Encouraging innovation
Sebi’s growing willingness to allow exchanges launch new and differentiated products might be just what BSE needs as it tries to raise its share of the pie in the cash segment and build a viable derivatives platform.
Historically, Sebi hasn’t been too keen on product differentiation; this has limited the number of equity products on offer which means exchanges largely compete only on pricing. NSE’s rivals like to blame the exchange for this lack of innovation but the fact remains that the regulator found comfort in being conservative.
“The lack of innovation is not just because exchanges lack innovation, but also because you need regulatory approvals in many cases,” said Jayanth R.Varma, professor of finance at the Indian Institute of Management, Ahmedabad, and chairman of Sebi’s secondary market advisory committee.
Sinha’s predecessor C.B. Bhave took the first major step towards allowing exchanges to decide for themselves whether they wanted derivatives to be cash-settled or physically settled.
Sinha has been bolder. He has not just allowed market-making but has left it to the exchanges to decide the compensation scheme they want to adopt, as long as they are transparent about it and do not show preferential treatment for particular market-makers. He also said that if BSE hires market-makers for a set of derivatives, NSE could do the same for those derivatives even if those are liquid on its bourse. And his move to allow BSE to introduce derivatives on stocks that are not liquid enough on the bourse but meet the criterion at NSE, wasn’t something Sebi was comfortable with earlier.
“BSE has been trying very hard to innovate but it is too early to say whether these initiatives will be enough,” said Satish Menon, director, Geojit BNP Paribas Financial Services Ltd, among the first brokers to start derivatives trading in India. “However, if the innovations appeal to many users, even NSE would follow with similar innovations and the market would benefit.”
Electronic battles
The tussle for a share of the derivatives pie is only part of BSE’s larger strategy to take on a larger rival. The exchange has successfully lobbied for smart order routing (SOR), which could add liquidity to the bourse.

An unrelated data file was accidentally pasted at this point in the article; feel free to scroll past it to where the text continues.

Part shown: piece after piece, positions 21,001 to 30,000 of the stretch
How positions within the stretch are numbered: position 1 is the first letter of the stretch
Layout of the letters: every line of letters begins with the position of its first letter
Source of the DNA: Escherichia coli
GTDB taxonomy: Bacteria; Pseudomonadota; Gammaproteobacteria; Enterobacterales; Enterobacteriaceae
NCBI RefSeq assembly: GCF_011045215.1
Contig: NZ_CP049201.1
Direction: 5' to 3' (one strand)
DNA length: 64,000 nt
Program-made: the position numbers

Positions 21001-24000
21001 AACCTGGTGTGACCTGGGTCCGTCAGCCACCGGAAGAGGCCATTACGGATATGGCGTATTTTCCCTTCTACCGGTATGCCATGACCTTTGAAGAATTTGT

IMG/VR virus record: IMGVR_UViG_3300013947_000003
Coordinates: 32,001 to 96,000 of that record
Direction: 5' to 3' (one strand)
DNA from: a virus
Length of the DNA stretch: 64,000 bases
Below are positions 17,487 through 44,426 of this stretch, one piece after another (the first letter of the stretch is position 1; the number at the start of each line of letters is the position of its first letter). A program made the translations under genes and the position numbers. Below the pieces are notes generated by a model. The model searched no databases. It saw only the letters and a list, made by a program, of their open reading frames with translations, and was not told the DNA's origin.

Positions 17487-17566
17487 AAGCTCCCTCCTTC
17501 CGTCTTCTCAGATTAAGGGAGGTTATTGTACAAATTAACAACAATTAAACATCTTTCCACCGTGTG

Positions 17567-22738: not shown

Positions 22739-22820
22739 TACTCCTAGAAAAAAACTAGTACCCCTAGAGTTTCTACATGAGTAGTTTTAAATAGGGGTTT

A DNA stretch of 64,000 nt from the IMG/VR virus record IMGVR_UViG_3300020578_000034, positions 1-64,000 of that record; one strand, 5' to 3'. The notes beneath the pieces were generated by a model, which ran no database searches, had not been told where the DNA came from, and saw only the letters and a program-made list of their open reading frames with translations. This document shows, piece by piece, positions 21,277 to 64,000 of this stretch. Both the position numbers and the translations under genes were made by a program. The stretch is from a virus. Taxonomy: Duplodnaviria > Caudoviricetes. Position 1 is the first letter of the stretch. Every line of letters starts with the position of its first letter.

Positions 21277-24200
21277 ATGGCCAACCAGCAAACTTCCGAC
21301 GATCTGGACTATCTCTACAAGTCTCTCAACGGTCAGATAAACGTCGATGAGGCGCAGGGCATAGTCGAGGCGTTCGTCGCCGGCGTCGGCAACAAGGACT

The SOR mechanism helps investors get the best price for their transactions across exchanges by routing orders to them. It is one of many algorithms used by brokers. The introduction of SOR was dogged by serious differences between BSE and NSE. While BSE was keen on introducing SOR as it expected it to bring more liquidity in the cash segment and revive its sagging fortunes, NSE stressed on the need for time stamps on trade orders and audit trails.
Finally, Sebi had to intervene to sort the issues.
Around 15 brokers have got permission for SOR but other multi-exchange algorithms have not taken off owing to NSE’s discomfort. BSE has often complained to Sebi that NSE is going slow on multi-exchange algorithms.
Algorithmic trading is the use of computer programs for entering trading orders, with the algorithm deciding the timing, location, price or quantity of the order.
Direct market access, allowing for these trading programs to directly place orders without human intervention, was permitted in April 2008.
Since then, algorithmic trading has grown rapidly in India, with around 60% of the order flow on NSE coming from co-located servers. Co-location is a facility provided by exchanges for brokers to keep their automated servers on the exchange floor to place orders directly.
In the case of BSE, a trader only needs to inform the exchange if he is using algorithms. NSE’s process is more stringent.
This has often been an issue of conflict, with brokers and BSE maintaining that the regulator rather than NSE should decide on approving or rejecting an algorithm.
“I do not see any reason why an exchange should decide which algorithms a trader should use,” said Srinivasan. “Any regulation should focus on a transparent set of rules.”
Experts say that Sebi will have to step in eventually. “Whether you like it or not, the use of algorithms would grow and, therefore, regulators have to learn to come to grips with them,” said Varma.
Despite the changes, BSE has seen its market share slide. “There are several challenges in turning around an institution like the BSE, which has legacy issues,” said James Shapiro, BSE’s outgoing head of market development and another key member of Kannan’s team.
pramit.b@livemint.com
Tomorrow: The MCX-SX issue and the Jalan committee’s report.
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First Published: Mon, Jun 27 2011. 11 04 PM IST
More Topics: UK Sinha | Sebi | NSE | MCX-SX | Exchanges |